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In Florida, like many other states, the legal doctrine known as res ipsa loquitur exists as a claim that can be brought against defendants in civil tort related cases. Typically, the claim is advanced when a party argues that the court can infer negligence from the accident or injury that occurred even in the absence of direct evidence. In other words, res ipsa loquitur is typically brought when the nature of how an accident or injury came about is so obviously negligent that the court does not require additional direct evidence on how a defendant behaved to assign liability.

In a recent Florida district court of appeal opinion, the court considered whether the doctrine of res ipsa loquitur applied to a personal injury case. An attorney brought a premises liability case on behalf of his client, who was being held at a local county jail when she was injured by an interior gate that closed on her unexpectedly. At trial, the defendant argued that the officer who controlled the gate and the jail did not act negligently, but instead a sensor was tripped, or there was a malfunction, which caused the accident. However, the attorney presented testimony from jail staff explaining that the jail gates operated manually and were controlled by an officer, but did not present evidence explaining whether a malfunction could cause the gate to close unexpectedly. The jury ruled in favor of the plaintiff with a res ipsa loquitur instruction, and the defendant appealed.

On appeal, the court sided with the defendant and reversed and remanded the case for further consideration. Because the plaintiff failed to prove that negligence by the defendant was the probable cause of her injuries, the court could not apply res ipsa loquitur to the present case. Although the plaintiff offered some evidence on how the gate was intended to operate, the lack of expert testimony on how the gate actually worked at the time of the incident or whether a malfunction could have caused an accident absent negligence meant that the plaintiff failed to meet the burden of proof necessary for the court to apply res ipsa loquitur.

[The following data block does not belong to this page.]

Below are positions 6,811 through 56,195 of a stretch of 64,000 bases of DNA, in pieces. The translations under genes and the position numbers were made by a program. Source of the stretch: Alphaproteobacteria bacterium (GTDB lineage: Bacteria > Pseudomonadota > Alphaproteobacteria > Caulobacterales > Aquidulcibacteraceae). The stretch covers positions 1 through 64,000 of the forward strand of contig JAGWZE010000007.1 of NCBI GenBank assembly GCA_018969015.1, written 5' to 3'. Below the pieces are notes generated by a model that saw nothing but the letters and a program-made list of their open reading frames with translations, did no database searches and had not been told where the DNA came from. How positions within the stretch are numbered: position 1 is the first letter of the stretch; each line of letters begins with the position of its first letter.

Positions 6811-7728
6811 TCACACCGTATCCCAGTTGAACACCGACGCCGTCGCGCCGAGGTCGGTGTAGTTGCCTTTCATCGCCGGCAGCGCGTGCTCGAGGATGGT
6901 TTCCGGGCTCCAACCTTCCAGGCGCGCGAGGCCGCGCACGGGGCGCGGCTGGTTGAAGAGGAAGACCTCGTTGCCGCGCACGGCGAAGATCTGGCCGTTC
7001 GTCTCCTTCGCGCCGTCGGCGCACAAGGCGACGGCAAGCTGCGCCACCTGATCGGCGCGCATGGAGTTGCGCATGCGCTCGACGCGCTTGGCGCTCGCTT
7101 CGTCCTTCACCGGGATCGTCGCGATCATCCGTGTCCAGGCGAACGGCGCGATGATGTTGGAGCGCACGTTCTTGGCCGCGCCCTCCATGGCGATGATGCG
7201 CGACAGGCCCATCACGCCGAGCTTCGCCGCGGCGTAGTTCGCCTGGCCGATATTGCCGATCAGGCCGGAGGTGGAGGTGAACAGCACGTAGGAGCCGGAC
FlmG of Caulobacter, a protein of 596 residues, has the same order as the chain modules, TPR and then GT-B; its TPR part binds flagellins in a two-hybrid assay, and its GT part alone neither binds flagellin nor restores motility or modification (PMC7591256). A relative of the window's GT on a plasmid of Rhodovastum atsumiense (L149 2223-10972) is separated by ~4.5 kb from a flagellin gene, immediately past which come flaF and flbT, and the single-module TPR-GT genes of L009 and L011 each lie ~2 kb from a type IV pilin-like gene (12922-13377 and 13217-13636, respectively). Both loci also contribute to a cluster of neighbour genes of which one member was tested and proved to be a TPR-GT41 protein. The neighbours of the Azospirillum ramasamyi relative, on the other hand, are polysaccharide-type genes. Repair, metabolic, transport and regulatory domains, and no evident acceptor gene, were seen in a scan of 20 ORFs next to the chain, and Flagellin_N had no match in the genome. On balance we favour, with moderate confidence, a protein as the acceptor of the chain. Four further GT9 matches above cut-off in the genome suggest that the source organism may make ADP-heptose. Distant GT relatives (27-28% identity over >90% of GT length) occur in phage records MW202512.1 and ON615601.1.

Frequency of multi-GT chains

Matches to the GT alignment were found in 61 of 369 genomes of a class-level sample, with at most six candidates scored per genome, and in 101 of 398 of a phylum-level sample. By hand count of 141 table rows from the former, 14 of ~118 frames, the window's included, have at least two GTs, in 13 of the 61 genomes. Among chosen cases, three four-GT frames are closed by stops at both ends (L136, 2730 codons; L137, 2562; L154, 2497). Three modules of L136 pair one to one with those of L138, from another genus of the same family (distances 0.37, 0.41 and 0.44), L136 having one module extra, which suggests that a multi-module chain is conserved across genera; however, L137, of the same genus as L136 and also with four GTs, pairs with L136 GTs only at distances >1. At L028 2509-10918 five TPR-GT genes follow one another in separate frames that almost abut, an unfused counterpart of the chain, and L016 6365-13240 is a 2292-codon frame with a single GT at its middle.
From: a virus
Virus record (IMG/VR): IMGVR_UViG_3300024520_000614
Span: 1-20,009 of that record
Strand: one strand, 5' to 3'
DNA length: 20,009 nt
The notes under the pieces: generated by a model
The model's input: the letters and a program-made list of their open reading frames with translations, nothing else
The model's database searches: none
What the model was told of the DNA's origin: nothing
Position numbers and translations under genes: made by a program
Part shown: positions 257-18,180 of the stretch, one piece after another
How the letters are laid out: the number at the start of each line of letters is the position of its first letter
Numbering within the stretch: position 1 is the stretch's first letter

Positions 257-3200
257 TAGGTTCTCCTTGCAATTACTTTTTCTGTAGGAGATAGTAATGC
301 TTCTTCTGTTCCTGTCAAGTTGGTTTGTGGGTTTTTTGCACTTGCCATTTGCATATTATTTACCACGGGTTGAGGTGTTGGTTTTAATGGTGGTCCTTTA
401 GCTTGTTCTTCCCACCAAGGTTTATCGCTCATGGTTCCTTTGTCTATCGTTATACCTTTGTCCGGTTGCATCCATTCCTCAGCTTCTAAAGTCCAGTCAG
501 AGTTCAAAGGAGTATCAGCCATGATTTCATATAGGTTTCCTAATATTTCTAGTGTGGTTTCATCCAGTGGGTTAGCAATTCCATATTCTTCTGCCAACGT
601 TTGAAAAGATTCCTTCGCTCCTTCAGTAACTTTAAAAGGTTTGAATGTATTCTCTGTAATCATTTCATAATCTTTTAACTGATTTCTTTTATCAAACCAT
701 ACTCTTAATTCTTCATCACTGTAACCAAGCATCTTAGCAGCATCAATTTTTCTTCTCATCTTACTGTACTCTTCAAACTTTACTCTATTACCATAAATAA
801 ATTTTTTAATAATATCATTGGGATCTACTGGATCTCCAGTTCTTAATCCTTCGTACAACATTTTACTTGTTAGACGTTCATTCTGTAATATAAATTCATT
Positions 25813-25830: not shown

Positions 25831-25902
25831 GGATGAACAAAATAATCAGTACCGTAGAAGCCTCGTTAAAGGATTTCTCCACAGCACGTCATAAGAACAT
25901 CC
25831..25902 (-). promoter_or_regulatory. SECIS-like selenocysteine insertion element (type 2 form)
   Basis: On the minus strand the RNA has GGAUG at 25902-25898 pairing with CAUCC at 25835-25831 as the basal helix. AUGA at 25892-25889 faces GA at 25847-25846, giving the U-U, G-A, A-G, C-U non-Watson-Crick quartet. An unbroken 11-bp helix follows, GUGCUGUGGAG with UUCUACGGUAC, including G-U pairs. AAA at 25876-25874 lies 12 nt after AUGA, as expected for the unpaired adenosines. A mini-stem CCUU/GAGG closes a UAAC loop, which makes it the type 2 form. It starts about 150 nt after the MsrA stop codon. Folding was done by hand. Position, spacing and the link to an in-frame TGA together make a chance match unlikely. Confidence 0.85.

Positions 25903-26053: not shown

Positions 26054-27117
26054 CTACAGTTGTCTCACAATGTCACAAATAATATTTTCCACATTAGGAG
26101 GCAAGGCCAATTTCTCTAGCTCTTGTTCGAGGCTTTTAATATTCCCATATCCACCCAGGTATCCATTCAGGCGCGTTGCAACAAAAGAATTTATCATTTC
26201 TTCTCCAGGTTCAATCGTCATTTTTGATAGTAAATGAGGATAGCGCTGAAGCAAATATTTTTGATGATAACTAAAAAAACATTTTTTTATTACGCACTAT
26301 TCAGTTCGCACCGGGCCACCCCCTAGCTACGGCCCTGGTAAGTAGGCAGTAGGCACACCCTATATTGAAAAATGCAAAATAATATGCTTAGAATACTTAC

When it comes to civil claims, every state has slightly different laws addressing these lawsuits. In many personal injury claims, when the at-fault party does something negligently and causes injury to another party, the injured party can often seek damages through a Florida personal injury lawsuit.

Florida, like several other states, uses comparative negligence laws to determine liability. Under general comparative negligence laws, both parties in a lawsuit could potentially be at fault if they each contributed to the injuries or damages that are in dispute. Under Florida law, courts apply pure comparative negligence laws. These laws are a bit more flexible and can allow even at-fault parties to claim some amount of compensation.

To illustrate Florida’s pure comparative negligence standard, consider this example: a man is speeding and crashes into another car on the road, and the other driver suffers significant injuries. The driver who was hit, however, was distracted while driving because he was checking his phone. If the injured party decides to bring a personal injury claim to recover damages from his injuries following the collision, the court may argue that the injured party was also partially responsible for their injuries. This may affect how much the plaintiff is able to collect from the defendant since the accident may not have occurred if he was not on his phone. If a plaintiff is found to be partially at fault for his injuries in the accident, his damages will be reduced. If the plaintiff shared responsibility for causing the collision, this would diminish any economic and non-economic damages proportionate to their level of fault. The plaintiff, however, will not be completely barred from recovering compensation.